The Young Women’s program, for Mormon teenagers, recently added a new value to the list of values the girls strive to integrate into their lives. This is the value of virtue. Today, virtue is in great danger, as teenagers are often taught, even by those in authority, that it isn’t realistic, practical, or valuable. Because they won’t learn about it in school or in the media, the church has stepped up its efforts to encourage its youth .

she turned to him Mormon“Virtue is a pattern of thought and behavior based on high moral standards. It encompasses chastity and moral purity. Virtue includes modesty-in thought, language, dress, and demeanor. Virtue provides an anchor on the path leading to our Heavenly Father’s presence. The paths of virtue lead to happiness in this life and in the life to come. The paths of virtue lead to strong families. The paths of virtue contain the foundation stones for the blessings of eternity. They lead to the temple. No wonder Joseph Smith said, “If there is anything virtuous, lovely, or of good report or praiseworthy, we seek after these things” (Articles of Faith 1:13).

Elaine S. Dalton, “Cherish Virtue,” New Era, Mar 2009, 16-17

Within the church, virtue is not mocked or seen as outdated or unrealistic. Sister Dalton points out there are millions of young men and women around the world leading lives of virtue of their own choosing. Despite the pressures of the world, and the “assurances” of some irresponsible adults, these teenagers know it is entirely possible to live a life of moral purity if you are careful in your choices and if you plan for the standards you want to live.

LDS teenagers are taught to guard against anything that might cause them to risk their virtue. They are taught to carefully consider the videos and music they spend time with, to avoid locations that invite temptation, and to choose friends who respect their values. They learn not to date too soon, and then to avoid dating situations that can cause them to falter.

Teenagers are helped by a booklet given to them when they turn twelve, called “For the Strength of Youth.” In this booklet, they are given guidelines for living a virtuous life. A card with the highlights is placed in their wallets for instant reference when needed.

Following are some of the advice the youth are given in this book:

  • 1. Do not date until you are at least 16 years old. Dating before then can lead to immorality, limit the number of other young people you meet, and deprive you of experiences that will help you choose an eternal partner.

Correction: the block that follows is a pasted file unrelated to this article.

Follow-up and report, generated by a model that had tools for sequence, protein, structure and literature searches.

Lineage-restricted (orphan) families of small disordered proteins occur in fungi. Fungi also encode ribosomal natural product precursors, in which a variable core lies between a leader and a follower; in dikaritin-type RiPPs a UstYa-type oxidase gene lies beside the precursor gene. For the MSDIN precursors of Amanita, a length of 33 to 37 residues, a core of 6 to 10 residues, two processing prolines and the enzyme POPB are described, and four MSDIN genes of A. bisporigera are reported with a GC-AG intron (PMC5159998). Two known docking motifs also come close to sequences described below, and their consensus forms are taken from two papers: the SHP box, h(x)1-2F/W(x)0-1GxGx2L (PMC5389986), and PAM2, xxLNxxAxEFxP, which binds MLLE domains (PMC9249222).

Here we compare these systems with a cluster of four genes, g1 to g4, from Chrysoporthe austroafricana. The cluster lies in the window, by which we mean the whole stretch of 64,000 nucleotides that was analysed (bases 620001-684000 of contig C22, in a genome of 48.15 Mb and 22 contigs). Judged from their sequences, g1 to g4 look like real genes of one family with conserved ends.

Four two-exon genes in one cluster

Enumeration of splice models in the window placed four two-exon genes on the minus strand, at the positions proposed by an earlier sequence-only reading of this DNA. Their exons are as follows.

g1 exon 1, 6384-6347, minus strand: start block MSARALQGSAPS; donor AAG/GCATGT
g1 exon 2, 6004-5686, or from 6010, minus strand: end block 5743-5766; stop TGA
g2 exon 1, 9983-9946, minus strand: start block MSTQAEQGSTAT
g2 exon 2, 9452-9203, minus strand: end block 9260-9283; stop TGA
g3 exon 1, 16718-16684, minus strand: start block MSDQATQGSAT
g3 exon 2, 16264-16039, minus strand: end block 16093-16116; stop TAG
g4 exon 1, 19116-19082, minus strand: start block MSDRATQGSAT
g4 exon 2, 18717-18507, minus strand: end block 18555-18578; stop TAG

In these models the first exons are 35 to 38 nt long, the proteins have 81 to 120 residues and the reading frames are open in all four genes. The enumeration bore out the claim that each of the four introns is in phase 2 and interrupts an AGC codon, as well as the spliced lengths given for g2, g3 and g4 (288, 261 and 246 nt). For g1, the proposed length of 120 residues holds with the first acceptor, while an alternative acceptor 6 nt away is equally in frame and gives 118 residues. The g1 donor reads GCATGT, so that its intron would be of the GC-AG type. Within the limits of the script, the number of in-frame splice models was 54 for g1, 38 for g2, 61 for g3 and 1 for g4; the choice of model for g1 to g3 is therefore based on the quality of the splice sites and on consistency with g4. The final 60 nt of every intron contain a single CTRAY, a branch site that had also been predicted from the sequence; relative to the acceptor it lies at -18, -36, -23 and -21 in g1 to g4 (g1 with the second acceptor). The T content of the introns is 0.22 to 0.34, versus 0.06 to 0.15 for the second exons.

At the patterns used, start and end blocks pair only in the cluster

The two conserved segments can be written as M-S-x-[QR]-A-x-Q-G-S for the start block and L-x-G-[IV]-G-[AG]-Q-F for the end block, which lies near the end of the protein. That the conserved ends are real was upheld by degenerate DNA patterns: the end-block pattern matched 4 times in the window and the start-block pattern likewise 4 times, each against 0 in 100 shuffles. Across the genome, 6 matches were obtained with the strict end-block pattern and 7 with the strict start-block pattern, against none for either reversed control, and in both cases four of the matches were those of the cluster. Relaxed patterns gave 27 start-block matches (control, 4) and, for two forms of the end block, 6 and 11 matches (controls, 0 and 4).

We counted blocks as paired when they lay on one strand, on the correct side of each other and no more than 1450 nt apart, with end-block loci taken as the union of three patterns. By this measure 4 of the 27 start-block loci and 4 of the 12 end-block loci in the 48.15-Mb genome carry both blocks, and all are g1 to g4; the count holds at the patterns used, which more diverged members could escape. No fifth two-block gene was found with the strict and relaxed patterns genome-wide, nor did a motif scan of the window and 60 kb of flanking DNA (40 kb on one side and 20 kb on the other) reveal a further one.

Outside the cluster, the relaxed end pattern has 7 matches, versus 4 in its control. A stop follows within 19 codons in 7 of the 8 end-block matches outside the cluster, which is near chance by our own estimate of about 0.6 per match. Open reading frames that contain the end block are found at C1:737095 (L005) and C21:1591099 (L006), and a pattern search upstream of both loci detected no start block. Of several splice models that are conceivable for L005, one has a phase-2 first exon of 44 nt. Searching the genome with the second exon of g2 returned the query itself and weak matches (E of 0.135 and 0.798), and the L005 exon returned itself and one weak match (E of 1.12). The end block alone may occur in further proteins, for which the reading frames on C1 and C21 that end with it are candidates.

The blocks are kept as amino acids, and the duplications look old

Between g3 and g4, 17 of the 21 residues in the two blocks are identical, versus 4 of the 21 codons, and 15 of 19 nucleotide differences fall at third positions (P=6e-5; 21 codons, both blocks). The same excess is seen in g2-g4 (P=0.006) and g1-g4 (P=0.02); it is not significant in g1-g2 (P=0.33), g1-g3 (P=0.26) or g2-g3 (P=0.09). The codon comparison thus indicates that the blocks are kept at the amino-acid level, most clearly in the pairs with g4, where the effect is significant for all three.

• 2. Have the courage to walk out of a movie or video party, turn off a computer or television, change a radio station, or put down a magazine if what is being presented does not meet Heavenly Father’s standards. Do these things even if others do not.
  • 3. Never lower your dress standards for any occasion. Doing so sends the message that you are using your body to get attention and approval and that modesty is important only when it is convenient.

Some advice is general in nature, other advice is very specific. Taken as a whole, it gives a teenager a clear understanding of what God expects of them and of how to guard their virtue. The rules apply to both boys and girls. The Lord does not have different standards of virtuous behavior for one gender over the other. Both boys are girls are given full responsibility for their own virtue, while at the same time, they’re taught to help others maintain their virtue as well.

Over the next few weeks, we’ll take a look at the virtue and how the girls will be learning to implement it into their lives through the Personal Progress program.

About Terrie Lynn Bittner
The late Terrie Lynn Bittner—beloved wife, mother, grandmother, and friend—was the author of two homeschooling books and numerous articles, including several that appeared in Latter-day Saint magazines. She became a member of the Church at the age of 17 and began sharing her faith online in 1992.

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